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News & Views of Phillips Since 1976
Sunday June 23rd 2024

South Side Destructor—Part II City Leaders (Finally) Arrive at a Solution

The exterior of the plant looks much as it did when this “state-of-the-art” incinerator was built in 1939. It cost about $250,000. Funding came from the city’s operating budget and from the federal government’s Works Progress Administration. Photo Credit: Tim McCall
The 180-foot-tall smokestack was decommissioned in 1971. Today it is home to a red-tailed hawk. Photo Credit: Tim McCall

208th in a Series

In the summer of 1938, no one denied that Minneapolis needed a new incinerator to deal with its overabundance of garbage. The problem was not new: the debate about where to locate the incinerator had already dragged on for ten years and there was no solution in sight. Untreated garbage was piling up, creating a health hazard.

From the beginning, the City of Minneapolis Engineer’s Office had favored what was referred to as “the so-called Layman’s site” (by that time, the cemetery was officially Minneapolis Pioneers and Soldiers Memorial Cemetery). But there was significant opposition from people who lived near the proposed site and they had the support of a handful of city council members, members of the Board of Estimate and Taxation, Mayor George Leach, and the South Side Protective Committee, a coalition of neighbors, patriotic and civic organizations, including the Minneapolis Cemetery Protective Association.

The wrangling began in earnest in March 1938 and continued throughout the summer. Herbert Finseth and John A Nelson, the two city council members representing the ward that included the cemetery, warned their colleagues on the council that some of their constituents would seek an injunction to prevent having the incinerator built in their community. The City Council’s five-member Sanitation Committee had issued a majority report that favored a different site, on land that the city already owned on the West Bank near 20th Avenue and the Mississippi River. On April 8, 1938, the City Council gave tentative approval to their choice but was then faced with vigorous opposition from the University of Minnesota and St. Mary’s Hospital. In late May, still hoping to find a satisfactory solution, the City Council created an ad hoc committee composed of one member from each of the city’s 13 wards. The committee selected Layman’s as the best choice, and the City Council accepted their recommendation reversing their earlier support for the West Bank location.

But things didn’t stop there. The Board of Estimate and Taxation was the only body with the authority to authorize the sale of bonds to pay for the new incinerator and they were firmly opposed to the Layman’s site. At their June 16th meeting, which was attended by 300 residents, they unanimously voted against authorizing the sale of bonds, a move that the Board’s chair claimed would “kill for all time” the building of an incinerator in South Minneapolis. Curiously, the motion to deny was put forward not by a Board member but by the Mayor, who had previously gone on the record saying that South Minneapolis was “…overly blest [sic] by a concentration of city equipment, operations and supplies in the large city maintenance yard located approximately in the middle of it.”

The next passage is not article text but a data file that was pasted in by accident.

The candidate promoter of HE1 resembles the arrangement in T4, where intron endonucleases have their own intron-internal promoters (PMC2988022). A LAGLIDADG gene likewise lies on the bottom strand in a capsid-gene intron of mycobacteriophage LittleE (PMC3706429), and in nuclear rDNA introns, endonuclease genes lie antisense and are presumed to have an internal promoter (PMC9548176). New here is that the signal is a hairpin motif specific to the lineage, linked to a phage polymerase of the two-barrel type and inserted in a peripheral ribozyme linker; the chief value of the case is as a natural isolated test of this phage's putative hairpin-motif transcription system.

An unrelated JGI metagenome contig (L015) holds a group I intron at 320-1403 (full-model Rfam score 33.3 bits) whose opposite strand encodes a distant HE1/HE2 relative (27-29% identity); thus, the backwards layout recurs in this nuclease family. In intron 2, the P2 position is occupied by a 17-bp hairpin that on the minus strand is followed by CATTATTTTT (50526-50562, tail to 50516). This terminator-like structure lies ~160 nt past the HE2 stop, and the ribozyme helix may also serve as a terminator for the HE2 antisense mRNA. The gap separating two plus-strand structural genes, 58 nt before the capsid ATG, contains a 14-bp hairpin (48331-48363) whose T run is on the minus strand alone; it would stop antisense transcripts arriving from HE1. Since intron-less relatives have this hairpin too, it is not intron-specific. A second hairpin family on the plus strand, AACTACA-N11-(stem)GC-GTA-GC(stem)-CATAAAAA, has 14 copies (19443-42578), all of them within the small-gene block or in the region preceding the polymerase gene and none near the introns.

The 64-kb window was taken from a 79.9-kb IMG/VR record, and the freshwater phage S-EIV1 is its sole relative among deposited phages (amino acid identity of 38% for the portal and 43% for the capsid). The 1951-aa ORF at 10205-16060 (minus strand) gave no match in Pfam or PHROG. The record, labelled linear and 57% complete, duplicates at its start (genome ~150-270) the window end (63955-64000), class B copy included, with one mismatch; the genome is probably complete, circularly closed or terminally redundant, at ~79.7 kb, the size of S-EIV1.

Several city council members were of the opinion that the Board of Estimate and Taxation had overstepped its bounds and came up with the idea of using $125,000 from the city’s operating budget instead. Not one to mince words, City Council Member Finseth called their proposal “conniving and trickery.” Nonetheless, the City Attorney ruled that the City Council had the authority to do so.

On August 11, 1938, the night before the Council was scheduled to vote on the appropriation, hundreds of people, some in favor, others opposed, met at the old South High. At one point the meeting “got out of hand” as those in attendance debated the merits of the chosen site and the proposal about how to pay for it. The next day, many of those people attended the City Council meeting. The South Side Protective Committee had set aside their plans to take legal action against the city. They were convinced “that if the majority of the city council realizes the injustices that will be done, and the feeling of the citizens in the effected [sic] area, it will see its way clear to remedy the situation.” Their hope was misplaced. The council voted in favor of the appropriation on a vote of 17-6.

Two months later the City Council voted to allow construction to begin, and by December 1938, excavation was already underway. In May 1939, construction began, and in October, only five months later, the building was complete, and the City Council held a “celebratory lunch” at the plant. After ten years of acrimonious debate and staunch opposition, the incinerator was open for business.

Eighty-four years later, the plant remains a part of South Minneapolis’ landscape. It currently functions as the South Side Transfer Station. The 180-foot-high smokestack has been inoperable since 1971. Today, it is home to a red-tailed hawk.

Sue Hunter Weir is chair of Friends of the Cemetery, an organization dedicated to preserving and maintaining Minneapolis Pioneers and Soldiers Cemetery. She has lived in Phillips for almost 50 years and loves living in such a historic community.

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